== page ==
President Vladimir Putin made an unannounced visit to Russia’s Hmeimim Airbase in western Syria on Monday, proclaiming to military personnel that the Russian mission had been accomplished in the country.
En route to meetings with Egyptian President Abdel Fattah al-Sisi in Cairo and with Turkish President Recep Tayyip Erdoğan in Ankara, Putin declared that Russian personnel had joined pro-Assad forces in defeating “the most battle-hardened grouping of international terrorists”.
Putin said again that “a significant part” of the Russian force will be withdrawn.
Since Russia’s military intervention in September 2015, the President has repeatedly said that troops will be scaled down, only for Moscow to escalate its air and ground activities. His appearance yesterday followed reports that Russian warplanes were involved in more attacks on rebels and the Hayat Tahrir al-Sham bloc in northeastern Hama Province and southern Idlib Province in northwest Syria, despite Russia’s proclamation of a “de-escalation zone”.
The return of a military police battalion to Russia on Tuesday:
Alongside the proclamation of withdrawal, Putin announced a permanent Russian presence in Syria at the Hmeimim airbase and the Tartous naval facility on the Mediterranean.
Putin was greeted at the base by Russian Defense Minister Sergey Shoygu and Bashar al-Assad, who was then placed in the background by Russian officers as Putin advanced to greet a Russian commander and make his speech.
The two men later watched a “victory parade” of Russian troops dressed in desert uniforms.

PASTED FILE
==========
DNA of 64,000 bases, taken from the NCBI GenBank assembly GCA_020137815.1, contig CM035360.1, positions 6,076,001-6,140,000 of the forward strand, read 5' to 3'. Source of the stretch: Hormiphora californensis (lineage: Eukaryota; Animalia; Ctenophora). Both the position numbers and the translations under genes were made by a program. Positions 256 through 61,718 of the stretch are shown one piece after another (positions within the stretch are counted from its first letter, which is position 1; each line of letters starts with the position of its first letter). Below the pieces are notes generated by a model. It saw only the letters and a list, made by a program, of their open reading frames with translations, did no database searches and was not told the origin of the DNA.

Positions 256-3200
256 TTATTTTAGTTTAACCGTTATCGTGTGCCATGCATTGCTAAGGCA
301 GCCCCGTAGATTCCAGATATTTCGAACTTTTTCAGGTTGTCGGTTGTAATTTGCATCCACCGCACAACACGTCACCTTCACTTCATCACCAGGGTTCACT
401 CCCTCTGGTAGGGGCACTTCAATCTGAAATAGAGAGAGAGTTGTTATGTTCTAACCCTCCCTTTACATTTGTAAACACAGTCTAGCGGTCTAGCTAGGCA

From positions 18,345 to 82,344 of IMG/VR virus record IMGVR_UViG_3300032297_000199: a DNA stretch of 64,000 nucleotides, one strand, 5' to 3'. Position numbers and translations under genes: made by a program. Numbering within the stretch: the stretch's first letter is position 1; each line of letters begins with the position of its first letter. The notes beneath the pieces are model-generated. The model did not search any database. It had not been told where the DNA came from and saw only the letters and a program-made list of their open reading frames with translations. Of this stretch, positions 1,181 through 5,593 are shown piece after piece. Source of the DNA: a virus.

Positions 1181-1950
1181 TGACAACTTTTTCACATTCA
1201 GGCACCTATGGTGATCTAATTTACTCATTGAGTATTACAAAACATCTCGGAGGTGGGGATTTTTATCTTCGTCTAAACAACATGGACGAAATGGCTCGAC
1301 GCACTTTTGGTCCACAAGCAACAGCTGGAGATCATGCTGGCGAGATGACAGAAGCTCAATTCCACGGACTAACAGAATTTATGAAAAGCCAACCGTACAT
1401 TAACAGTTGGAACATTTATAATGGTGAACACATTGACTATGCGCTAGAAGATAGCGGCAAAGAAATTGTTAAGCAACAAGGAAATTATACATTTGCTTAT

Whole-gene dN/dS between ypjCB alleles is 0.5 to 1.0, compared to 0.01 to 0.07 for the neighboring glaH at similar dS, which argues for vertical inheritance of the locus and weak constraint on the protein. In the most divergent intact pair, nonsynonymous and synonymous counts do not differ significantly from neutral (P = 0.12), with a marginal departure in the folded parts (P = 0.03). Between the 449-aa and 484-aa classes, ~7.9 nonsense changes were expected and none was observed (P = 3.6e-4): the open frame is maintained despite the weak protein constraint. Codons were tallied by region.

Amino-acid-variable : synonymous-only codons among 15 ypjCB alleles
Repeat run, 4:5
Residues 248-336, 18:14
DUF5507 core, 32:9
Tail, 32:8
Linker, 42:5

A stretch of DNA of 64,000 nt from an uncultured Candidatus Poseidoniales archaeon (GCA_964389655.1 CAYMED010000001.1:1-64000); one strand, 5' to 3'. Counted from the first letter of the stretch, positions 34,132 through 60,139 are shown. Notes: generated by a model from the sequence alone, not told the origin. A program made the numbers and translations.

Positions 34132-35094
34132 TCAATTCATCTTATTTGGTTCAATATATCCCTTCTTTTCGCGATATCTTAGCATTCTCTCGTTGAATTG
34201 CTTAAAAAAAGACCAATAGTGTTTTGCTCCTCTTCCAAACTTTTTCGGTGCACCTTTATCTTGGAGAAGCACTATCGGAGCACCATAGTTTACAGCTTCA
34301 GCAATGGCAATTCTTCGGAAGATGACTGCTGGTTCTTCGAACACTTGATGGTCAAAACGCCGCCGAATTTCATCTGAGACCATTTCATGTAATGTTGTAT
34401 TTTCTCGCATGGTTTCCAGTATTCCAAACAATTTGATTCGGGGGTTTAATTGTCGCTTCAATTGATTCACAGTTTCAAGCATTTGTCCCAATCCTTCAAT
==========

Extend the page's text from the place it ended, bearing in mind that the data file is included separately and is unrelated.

Uncertainty About Next Russian Moves
Putin’s domestic objective with the appearance may have been his pursuit of re-election in March. Russia’s next steps in the 81-month Syria conflict are less defined.
On the one hand, Moscow remains an essential political, economic, and military backer of the Assad regime. On the other, Russian officials have given indications that they may step away from Assad, if not the regime, in return for a political resolution and international assistance with reconstruction of regime-held areas.
Assad’s other key ally, Iran, is wary of any move for the departure of the Syrian leader. Tehran has also backed the regime’s demand for recapture of opposition-held territory, including Idlib Province in northwest Syria, and of some Kurdish-held areas in the east.
The divergence in Russian and Iranian views could complicate Moscow’s main political path through the talks in Kazakhstan’s capital Astana, which also include Turkey. A Russian proposal for a National Congress of Syrian factions has been postponed several times, in part because of Turkish objections to the presence of leading Kurdish groups.
Turkish Foreign Minister Mevlüt Çavuşoğlu said on Tuesday, following Putin’s discussion with President Erdoğan, that Ankara will accept the participation of Kurds but not the YPG militia, the leading Kurdish force in Syria:
The YPG is not the sole representative of the Kurds. Actually it represents only a small portion of them….[The YPG] forces people into joining its armed group. Kurds currently cannot go back to the 20 percent of the Syrian lands controlled by the YPG. We are not against our Kurdish brothers, we stand with them.
Putin made no reference to these issues in his celebratory speech:
In just over two years, Russia’s armed forces and the Syrian army have defeated the most battle-hardened group of international terrorists….The conditions for a political solution under the auspices of the United Nations have been created. The Motherland awaits you.
However, after his talks with Turkey’s Erdoğan, Putin said, “We are conducting joint work to prepare and convene the Syrian National Dialogue Congress at the beginning of the next year. It is a secret to no one that I spoke about it with President Assad during my today’s visit to Syria.”
Pentagon spokesman Eric Pahon was skeptical about Putin’s statement: “Russian comments about removal of their forces do not often correspond with actual troop reductions, and do not affect US priorities in Syria.”